9. Paint non- nonskid areas (cabin sides, cockpit backs...) You will have to wait for the nonskid to dry first, of course.
10 Sand non-nonskid areas. (Sanding the nonskid would remove the grit.) (3-4 hours)
9. Wipe down everything with solvent (see above)
10 Apply second finish coat (see above)
11. Sand non-nonskid areas (see above)
12 Wipe down everything with solvent (see above)
13 Apply (hopefully) final finish coat. (see above)
14 Remove tape (2 hours - some is painted on)
15 Try to clean spots that weren't taped over well enough (winches, portlights, cleats...) (3-4 hours)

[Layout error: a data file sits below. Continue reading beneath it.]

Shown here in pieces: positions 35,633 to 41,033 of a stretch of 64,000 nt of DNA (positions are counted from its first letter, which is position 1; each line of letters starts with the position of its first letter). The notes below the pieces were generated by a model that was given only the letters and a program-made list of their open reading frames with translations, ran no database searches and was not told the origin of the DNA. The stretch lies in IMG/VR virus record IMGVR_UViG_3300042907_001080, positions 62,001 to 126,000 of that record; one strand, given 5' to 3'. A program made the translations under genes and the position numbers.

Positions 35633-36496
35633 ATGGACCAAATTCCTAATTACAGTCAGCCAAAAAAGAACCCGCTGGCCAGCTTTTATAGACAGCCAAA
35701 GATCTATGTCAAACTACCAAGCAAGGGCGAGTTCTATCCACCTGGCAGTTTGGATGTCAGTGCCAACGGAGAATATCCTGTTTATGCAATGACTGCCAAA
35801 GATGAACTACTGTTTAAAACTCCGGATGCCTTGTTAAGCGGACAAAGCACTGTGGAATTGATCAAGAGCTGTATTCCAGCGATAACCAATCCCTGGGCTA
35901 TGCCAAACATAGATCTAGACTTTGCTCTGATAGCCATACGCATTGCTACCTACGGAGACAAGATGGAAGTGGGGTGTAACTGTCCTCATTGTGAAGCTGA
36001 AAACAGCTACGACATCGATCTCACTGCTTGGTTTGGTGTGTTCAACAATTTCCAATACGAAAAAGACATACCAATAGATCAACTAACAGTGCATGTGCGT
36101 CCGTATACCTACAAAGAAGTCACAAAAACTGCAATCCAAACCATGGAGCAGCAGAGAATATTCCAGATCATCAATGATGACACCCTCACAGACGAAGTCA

There are discussions about what paint to use: one or two part polyurethanes. The prep work and steps involved (see above) are essentially the same for both. Both look great when completed. The hurdle for the two-part paint is the "pot life"- mixing enough to not have it harden in the mixing pot before you can get it onto the deck. After mixing a few batches you learn how fast it sets up and how fast you paint and figure it out. The 2-part is also a touch more expensive. It lasts a LOT longer, however. People who use the one-part extol how beautiful it is and how easy to apply, but start to mumble when you ask them how long it holds up. We painted our deck about 12 years ago with 2-part polyurethane. It now needs repainting. THAT is the problem with paint. If you paint it, it will need to be repainted. It has simply worn off in places where the lines rub against the cabin and where crew step aboard, Flexing of the boat in a seaway has reopened cracks, and the finish has dulled from salt,UV and pollutants. After launching next week we are getting ready to do an initial sanding, weather permitting. Polyurethanes are sensitive to temperature and humidity levels. You also don't want to paint on days when dust or pollen could be blown onto the finish. The weather in California would help make this less of a problem. In New England we had weeks of waiting for the right conditions to make any progress, and then rushing to complete steps (see above) before the weather changed.